Judge rules to suppress blood test in fatal crash case
Storm Sweeney, 45, has denied charges stemming from the crash that killed another driver. Jennie Noyes, of Manchester, was 74 when she died three weeks later from her injuries. Sweeney has been detained on an alleged probation violation since her arrest in April 2016.
Judge David A. Howard, in a decision late last month, ruled the results of an evidentiary blood test must be suppressed as evidence because Sweeney "was not properly informed of her rights" and the blood draw was involuntary.
Howard wrote in the Dec. 29 decision that it's required to find she submitted involuntary "as she was not given the proper information concerning taking or not taking such a test if involved in a serious accident with serious injury or death resulting when, in fact, she had been so involved. Indeed, she apparently was not told anything at all about her being in a situation involving a serious injury."
Defense attorney Susan Keane McManus, representing Sweeney, filed a motion in September to suppress the blood draw as evidence.
The state is appealing Howard's ruling. A status conference and motion hearing is scheduled in Vermont Superior Court Bennington criminal division on Tuesday.
A sedan driven by Sweeney crossed the center line of Route 7A and collided with a sedan driven by Noyes on April 1, 2016, according to a Vermont State Police affidavit. Troopers suspected Sweeney was driving under the influence. At the time of the crash, she had already been facing a felony third offense DUI charge: She had pleaded not guilty in March 2016 for an alleged offense from earlier that month.
A test of blood drawn from Sweeney showed she had a BAC of .117 after the Sunderland crash, according to court documents. The legal limit to drive in Vermont is .08.
Sweeney was charged with manslaughter after Noyes died at Albany Medical Center on April 26.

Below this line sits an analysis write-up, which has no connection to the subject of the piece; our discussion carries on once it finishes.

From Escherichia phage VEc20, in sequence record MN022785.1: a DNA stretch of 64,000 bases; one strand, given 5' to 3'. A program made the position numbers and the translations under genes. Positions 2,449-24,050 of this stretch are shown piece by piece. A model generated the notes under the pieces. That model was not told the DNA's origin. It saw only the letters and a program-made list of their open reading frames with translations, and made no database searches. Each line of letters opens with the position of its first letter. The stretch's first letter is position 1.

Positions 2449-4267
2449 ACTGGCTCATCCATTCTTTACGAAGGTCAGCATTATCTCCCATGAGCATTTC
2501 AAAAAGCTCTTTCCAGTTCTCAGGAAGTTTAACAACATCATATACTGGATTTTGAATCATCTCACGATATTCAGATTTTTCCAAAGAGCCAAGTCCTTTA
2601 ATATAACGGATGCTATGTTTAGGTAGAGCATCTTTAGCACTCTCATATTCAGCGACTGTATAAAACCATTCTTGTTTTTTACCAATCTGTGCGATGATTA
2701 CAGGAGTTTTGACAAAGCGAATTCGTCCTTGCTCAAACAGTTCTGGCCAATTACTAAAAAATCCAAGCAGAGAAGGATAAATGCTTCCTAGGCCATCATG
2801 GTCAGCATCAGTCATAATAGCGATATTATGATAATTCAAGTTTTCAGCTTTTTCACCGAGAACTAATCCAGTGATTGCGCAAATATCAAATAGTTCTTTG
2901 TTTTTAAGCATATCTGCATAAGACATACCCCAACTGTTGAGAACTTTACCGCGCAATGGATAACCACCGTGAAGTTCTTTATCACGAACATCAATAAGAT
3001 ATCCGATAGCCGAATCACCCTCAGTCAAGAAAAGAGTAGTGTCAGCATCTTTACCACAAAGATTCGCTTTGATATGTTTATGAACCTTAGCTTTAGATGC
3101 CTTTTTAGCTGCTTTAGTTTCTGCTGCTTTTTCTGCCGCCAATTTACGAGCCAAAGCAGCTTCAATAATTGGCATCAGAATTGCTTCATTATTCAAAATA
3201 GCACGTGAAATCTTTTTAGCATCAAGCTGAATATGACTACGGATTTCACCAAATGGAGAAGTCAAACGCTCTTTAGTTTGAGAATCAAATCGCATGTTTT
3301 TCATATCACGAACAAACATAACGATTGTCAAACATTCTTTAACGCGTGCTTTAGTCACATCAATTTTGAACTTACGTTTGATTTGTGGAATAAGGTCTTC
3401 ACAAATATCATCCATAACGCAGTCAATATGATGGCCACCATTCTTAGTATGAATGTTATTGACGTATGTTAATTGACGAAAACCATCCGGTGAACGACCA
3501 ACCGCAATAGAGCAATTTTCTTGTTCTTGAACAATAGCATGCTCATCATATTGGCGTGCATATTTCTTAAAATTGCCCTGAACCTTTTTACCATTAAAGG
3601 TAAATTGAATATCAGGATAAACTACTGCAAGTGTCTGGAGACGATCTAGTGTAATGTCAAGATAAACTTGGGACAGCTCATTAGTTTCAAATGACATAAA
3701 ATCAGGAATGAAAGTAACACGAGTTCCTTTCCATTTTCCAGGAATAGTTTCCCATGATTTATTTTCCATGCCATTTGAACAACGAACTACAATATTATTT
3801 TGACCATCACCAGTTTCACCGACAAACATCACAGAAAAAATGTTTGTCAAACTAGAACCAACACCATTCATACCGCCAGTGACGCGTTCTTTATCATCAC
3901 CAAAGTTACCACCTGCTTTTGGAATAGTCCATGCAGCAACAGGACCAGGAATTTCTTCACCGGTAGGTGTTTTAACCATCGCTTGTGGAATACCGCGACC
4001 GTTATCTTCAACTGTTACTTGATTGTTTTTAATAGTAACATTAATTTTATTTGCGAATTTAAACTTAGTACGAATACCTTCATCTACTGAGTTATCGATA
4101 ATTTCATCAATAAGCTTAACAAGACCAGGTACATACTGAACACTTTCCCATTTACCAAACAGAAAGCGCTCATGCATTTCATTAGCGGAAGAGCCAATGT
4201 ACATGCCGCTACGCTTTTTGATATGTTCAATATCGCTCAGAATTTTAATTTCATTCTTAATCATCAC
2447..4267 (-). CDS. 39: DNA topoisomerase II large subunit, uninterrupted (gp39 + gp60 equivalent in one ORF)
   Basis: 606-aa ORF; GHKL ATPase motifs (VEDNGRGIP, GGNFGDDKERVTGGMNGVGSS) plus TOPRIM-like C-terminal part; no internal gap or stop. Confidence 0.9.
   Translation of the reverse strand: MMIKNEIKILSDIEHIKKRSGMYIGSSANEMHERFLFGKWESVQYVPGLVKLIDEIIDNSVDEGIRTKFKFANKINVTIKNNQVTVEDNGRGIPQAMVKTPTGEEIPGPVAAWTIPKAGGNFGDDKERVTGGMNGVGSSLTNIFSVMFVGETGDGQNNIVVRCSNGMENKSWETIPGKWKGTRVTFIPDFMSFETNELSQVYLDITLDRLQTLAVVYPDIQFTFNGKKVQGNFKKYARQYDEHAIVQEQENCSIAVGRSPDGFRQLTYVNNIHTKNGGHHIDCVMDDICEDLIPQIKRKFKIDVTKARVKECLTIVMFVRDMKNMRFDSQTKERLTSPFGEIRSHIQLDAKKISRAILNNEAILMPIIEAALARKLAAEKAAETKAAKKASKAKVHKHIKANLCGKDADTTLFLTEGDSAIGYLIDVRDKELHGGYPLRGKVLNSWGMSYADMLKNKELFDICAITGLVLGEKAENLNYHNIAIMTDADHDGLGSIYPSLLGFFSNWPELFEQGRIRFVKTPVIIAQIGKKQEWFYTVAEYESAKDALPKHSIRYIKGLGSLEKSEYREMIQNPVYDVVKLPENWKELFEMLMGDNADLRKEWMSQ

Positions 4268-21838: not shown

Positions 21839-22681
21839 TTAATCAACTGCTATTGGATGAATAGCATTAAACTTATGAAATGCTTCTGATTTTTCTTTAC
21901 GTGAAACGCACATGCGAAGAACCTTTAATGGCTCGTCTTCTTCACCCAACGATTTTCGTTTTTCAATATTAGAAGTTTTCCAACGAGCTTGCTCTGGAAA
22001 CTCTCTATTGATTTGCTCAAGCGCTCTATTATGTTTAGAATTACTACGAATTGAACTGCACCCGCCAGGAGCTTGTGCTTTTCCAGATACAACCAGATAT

McManus argued the charges were based on evidence obtained without a warrant and after Sweeney agreed to submit to a warrantless blood draw. McManus argued Sweeney agreed to submit to a blood draw "only after being given legally incorrect information by the officer."
The blood draw "is crucial in establishing the fact that defendant was under the influence of alcohol when she crashed into the victim," Deputy State's Attorney Alexander Burke wrote in a Jan. 4 interlocutory appeal. "Having the blood draw suppressed does seriously impede the prosecution of defendant for her crimes."
Sweeney has pleaded not guilty to felony counts of manslaughter, gross negligent vehicle operation with a fatality, and driving under the influence of alcohol with a fatality, and misdemeanor counts of driving with a license suspended for DUI and violating release conditions.
Ed Damon can be reached at email@example.com, at @edamon_banner on Twitter and 802-447-7567, ext. 111.
TALK TO US
If you'd like to leave a comment (or a tip or a question) about this story with the editors, please email us. We also welcome letters to the editor for publication; you can do that by filling out our letters form and submitting it to the newsroom.